The concept for this 2005 Touchdown reality show involved sending a bevy of Kiwi beauties to outback Australia, so they can compete to become "the ultimate Kiwi chick" (and win a $100,000 prize). In this second episode the girls discover that the week’s immunity winner (the 'Boomerang Babe') will have to pick a trio of contestants, so the local townsfolk can vote which one to eliminate. The girls must help host Vadim Dale (reality romance show Outback Jack) brand a calf, where things get bloody; spend a night in the outback alone; and negotiate a hay bale challenge.
In these excerpts pulled from ten consecutive episodes of Miss Popularity, Outback Jack star Vadim Dale despatches ten long-haired, image-conscious young Kiwis to the Aussie outback town of Burra. There they compete to become "the ultimate Kiwi chick" by doing odd jobs, outdoor challenges, snake encounters, and bake-offs for the local market day. Contestants included film students, a firefighter, a future Playboy model, and flight attendant Jessie Gurunathan. Locals voted one contestant off each week. Gurunathan finally claimed the $100,000 prize on the hit Touchdown show.
Each episode of this TVNZ show takes a well-known Kiwi and invites them to introduce their neighbourhood. In this episode Lukasz Buda (aka Luke Buda from band The Phoenix Foundation) showcases the people who make up the central Wellington suburb of Te Aro. Holocaust survivor Clare Galambos Winter talks about finding a home in Wellington after World War II. Also interviewed are Bari Chin, then running breakdancing group Juvenate, Armenian screenprinting artist George Hajian, and Tee Phee and Keith Cheah, founders of Wellington restaurant Little Penang.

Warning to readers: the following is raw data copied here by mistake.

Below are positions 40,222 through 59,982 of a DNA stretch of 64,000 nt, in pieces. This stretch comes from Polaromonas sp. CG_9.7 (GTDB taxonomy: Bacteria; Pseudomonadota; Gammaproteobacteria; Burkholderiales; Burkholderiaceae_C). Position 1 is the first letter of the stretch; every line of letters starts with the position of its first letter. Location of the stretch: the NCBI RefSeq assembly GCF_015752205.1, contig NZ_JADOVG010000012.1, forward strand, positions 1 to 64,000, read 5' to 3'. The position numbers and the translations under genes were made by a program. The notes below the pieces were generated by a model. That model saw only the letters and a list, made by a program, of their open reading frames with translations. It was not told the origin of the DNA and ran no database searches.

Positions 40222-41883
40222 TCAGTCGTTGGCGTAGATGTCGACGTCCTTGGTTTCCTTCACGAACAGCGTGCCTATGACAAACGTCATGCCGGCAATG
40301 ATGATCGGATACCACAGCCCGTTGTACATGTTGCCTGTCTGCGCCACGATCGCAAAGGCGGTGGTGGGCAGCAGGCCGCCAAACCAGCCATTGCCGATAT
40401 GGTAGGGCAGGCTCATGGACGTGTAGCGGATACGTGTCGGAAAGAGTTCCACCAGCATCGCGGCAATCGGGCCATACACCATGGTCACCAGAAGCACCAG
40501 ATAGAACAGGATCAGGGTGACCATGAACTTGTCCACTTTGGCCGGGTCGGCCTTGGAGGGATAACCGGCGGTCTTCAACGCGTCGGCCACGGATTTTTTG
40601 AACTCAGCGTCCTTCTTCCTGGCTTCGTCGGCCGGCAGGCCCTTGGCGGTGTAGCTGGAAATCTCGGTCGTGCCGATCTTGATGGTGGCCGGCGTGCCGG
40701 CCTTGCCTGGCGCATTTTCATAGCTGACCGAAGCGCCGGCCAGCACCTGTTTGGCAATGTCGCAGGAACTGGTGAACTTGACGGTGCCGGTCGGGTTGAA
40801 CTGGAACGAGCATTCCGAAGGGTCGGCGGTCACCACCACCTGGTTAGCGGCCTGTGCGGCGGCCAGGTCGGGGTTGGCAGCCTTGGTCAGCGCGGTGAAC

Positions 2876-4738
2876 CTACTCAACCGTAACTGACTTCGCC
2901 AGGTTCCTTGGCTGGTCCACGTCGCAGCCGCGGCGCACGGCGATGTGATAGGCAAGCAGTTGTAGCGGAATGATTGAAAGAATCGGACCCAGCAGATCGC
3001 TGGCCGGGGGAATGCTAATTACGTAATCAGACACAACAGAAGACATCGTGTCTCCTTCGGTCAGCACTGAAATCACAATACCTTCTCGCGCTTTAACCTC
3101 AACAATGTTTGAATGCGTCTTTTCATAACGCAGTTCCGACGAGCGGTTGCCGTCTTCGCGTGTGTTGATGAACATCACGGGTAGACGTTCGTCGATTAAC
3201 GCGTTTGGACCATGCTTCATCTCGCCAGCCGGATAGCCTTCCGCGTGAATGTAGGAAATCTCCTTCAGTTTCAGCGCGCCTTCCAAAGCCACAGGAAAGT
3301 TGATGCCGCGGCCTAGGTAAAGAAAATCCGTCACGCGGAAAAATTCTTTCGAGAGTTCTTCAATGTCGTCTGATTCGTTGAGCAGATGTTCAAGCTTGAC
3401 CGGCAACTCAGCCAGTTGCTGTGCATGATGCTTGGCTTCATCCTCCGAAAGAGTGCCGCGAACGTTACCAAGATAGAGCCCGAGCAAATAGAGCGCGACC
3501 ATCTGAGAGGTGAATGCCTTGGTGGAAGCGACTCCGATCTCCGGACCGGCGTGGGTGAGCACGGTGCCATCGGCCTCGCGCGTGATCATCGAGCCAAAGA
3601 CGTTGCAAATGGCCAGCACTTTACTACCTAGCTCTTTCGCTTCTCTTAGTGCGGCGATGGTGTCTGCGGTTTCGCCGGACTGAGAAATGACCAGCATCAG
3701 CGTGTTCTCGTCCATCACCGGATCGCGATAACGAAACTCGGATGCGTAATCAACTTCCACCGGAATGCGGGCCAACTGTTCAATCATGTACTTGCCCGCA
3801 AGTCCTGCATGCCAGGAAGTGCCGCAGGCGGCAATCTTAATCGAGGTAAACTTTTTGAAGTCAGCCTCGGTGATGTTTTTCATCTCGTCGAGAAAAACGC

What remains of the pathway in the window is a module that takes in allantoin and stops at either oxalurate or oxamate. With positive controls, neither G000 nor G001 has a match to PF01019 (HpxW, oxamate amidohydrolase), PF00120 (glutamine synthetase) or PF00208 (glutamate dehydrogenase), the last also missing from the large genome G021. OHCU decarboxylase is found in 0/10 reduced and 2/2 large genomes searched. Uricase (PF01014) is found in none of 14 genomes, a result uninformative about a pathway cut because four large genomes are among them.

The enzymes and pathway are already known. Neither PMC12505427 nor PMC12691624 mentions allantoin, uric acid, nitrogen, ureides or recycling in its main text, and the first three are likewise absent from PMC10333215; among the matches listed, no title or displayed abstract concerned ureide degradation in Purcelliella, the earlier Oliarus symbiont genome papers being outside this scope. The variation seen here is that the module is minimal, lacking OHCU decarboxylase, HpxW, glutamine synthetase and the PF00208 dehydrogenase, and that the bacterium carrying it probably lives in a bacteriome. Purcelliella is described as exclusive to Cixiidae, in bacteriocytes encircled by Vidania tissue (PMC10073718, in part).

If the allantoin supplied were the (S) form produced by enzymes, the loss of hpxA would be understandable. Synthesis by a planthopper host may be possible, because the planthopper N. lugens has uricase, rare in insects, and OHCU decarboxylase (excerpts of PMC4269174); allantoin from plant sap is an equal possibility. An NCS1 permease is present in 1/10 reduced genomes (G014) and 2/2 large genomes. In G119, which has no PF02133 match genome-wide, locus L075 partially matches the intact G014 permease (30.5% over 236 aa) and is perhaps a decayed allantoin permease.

Wellington artist Gordon Crook was known for his bold, colourful prints and tapestries. In this documentary, director Clare O’Leary mixes Crook’s biography (from UK foster care to London Central School of Art lecturer, then decades in Wellington) and interviews with Crook, dealers, students and mates. In this excerpt Crook discusses his work, and collaborating with weaver Lesley Nicholls; and friend Edith Ryan recalls first seeing Crook’s massive Michael Fowler Centre banners. The documentary premiered at the 2010 NZ Film Festival. Crook died in August 2011, aged 89.
Margaret Mahy was a renowned author of children's books who also wrote for television. Amongst her many international awards is the Hans Christian Andersen Award (known as the Little Nobel Prize) for a "lasting contribution to children's literature". A highly visual writer, Mahy both wrote for the screen (Maddigan's Quest, Strangers), and her books inspired a number of programmes. She passed away on 23 July 2012.
Alan Erson captured the everyday lives of New Zealanders in 1990s documentary series First Hand. His directing credits also include Heartland and Nuclear Reaction. Since 2004 Erson has built a successful career in Australia as Head of Documentary and Factual Programmes for the ABC, and General Manager at Essential Media and Entertainment. In 2016 he became Managing Director at WildBear Entertainment.